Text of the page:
My daughter, Sam, prefers chicken breast fillet over thigh fillet. The rest of us in the family prefer chicken thigh fillets. We buy both but the thigh fillets get consumed faster. The night I cooked soboro don, there were only chicken breast fillets left in the freezer. Because they’re skinless, I had to modify the cooking procedure to make sure that the meat wouldn’t dry up in the pan.
But the order in which I cook the components has not changed. First, I cook the rice. Then, the eggs. On days when time is short, I cook the eggs and chicken at the same time using two frying pans on two stove burners. It can get frenzied doing it that way. There’s always the chance that the chicken will burn while I’m attending to the eggs. So, cooking them one after the other is the safer way.
To keep the omelette thin, I use a large frying pan. Once the eggs are set, I just slide the omelette on a cutting board and roll it up using a spatula. I let it cool there while finely slicing the scallions. When cool enough to handle, I cut the rolled omelette into thin strips. With the eggs and scallions ready, I cook the chicken.
You may use ground chicken. That’s convenient because there will be less preparation for you. But because breast meat is lean, I prefer to cut the fillets into larger pieces so that the chicken doesn’t dry up so fast.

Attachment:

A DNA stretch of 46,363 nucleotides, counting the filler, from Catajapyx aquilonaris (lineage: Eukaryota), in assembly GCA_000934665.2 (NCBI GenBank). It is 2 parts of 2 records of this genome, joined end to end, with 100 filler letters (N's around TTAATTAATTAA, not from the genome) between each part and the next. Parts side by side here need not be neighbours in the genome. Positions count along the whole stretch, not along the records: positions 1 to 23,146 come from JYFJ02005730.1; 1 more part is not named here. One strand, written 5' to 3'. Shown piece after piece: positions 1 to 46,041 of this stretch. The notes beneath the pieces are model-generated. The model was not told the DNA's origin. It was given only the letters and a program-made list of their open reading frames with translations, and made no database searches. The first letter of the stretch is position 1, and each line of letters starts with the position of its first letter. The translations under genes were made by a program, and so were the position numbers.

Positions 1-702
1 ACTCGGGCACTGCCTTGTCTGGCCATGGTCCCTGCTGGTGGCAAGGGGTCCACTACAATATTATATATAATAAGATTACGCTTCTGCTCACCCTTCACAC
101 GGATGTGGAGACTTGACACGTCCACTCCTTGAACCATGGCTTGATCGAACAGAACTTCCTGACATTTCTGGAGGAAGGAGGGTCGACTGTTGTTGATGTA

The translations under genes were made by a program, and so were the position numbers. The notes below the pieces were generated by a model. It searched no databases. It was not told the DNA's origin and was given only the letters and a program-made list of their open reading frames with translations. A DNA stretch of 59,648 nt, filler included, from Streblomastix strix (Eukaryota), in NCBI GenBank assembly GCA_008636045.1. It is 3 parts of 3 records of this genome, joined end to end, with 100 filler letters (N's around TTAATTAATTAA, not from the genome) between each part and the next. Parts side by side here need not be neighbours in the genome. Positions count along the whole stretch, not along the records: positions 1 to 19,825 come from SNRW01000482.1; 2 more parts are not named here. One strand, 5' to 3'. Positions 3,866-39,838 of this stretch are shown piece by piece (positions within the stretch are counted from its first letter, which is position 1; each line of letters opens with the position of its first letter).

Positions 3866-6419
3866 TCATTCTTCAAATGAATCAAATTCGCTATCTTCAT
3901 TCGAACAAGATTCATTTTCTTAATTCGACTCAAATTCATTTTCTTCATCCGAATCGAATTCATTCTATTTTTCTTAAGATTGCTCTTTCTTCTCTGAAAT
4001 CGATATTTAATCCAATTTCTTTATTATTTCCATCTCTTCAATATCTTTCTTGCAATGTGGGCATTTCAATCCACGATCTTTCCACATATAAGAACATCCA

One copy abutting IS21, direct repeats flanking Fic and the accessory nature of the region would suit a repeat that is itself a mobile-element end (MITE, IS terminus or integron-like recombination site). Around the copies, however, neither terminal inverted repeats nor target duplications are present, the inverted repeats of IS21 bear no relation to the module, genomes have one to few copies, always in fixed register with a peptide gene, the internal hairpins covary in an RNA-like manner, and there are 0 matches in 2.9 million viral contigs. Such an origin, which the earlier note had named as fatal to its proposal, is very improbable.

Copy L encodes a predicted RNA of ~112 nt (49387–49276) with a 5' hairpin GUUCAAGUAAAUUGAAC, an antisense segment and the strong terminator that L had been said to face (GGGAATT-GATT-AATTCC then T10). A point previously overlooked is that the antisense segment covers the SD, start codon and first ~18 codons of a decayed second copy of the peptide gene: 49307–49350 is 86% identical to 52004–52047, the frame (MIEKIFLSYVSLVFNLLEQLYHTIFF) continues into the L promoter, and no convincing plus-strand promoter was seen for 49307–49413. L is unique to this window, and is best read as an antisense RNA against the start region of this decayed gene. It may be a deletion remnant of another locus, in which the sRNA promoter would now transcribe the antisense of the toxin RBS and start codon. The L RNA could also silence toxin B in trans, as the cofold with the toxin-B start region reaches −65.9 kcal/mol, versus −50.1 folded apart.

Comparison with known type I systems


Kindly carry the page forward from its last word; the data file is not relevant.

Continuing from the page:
The traditional way of cooking soboro is to marinate the chicken in soy sauce, sake and mirin with ginger and sugar. If you want to take that route and you’re using chicken breast meat, add a tablespoon or two of oil to the marinade. Then spread on a heated pan and cook over medium-high heat, stirring often, until the marinade has been soaked up.
If not marinating, just roll the minced chicken in oil over low heat to moisten the pieces before adding the seasonings.
To ensure proper caramelization, turn up to medium-high before pouring in the soy sauce, sake, mirin, ginger and sugar. Cook the chicken with plenty of stirring until the sauce thickens and caramelizes, and clings to every piece of meat. By that time, the chicken breast meat is cooked through without having a chance to turn dry.
For the eggs
- 3 eggs
- ½ teaspoon salt
- 1 teaspoon sugar
- 1 tablespoon cooking oil
- 250 grams minced chicken
- 2 tablespoons cooking oil (halve the amount if the minced chicken includes the skin)
- 2 tablespoons soy sauce
- 1 tablespoon sake
- 1 tablespoon mirin
- ½ teaspoon grated ginger
- 1 tablespoon sugar
To complete the dish
- cooked Japanese rice
- sliced scallions
Cook the omelette
- Beat the eggs in a bowl with salt and sugar.
- Heat the cooking oil in a frying pan and pour in the eggs. Tilt the pan to allow the eggs to spread. Cook until set.
- Transfer the omelette to a cutting board. Roll up then cut into thin strips. Set aside.
Cook the soboro
- Reheat the frying pan, pour in the oil then spread the chicken evenly.
- Pour in the soy sauce, sake and mirin.
- Sprinkle in the sugar and ginger.
- Cook over medium-high heat for about a minute then stir. Continue cooking, with occasional stirring, until the liquid has dried up.
Assemble the soboro don
- Ladle cooked Japanese rice into three bowls.
- Top the rice with soboro, egg and scallions.
- Serve the soboro don immediately.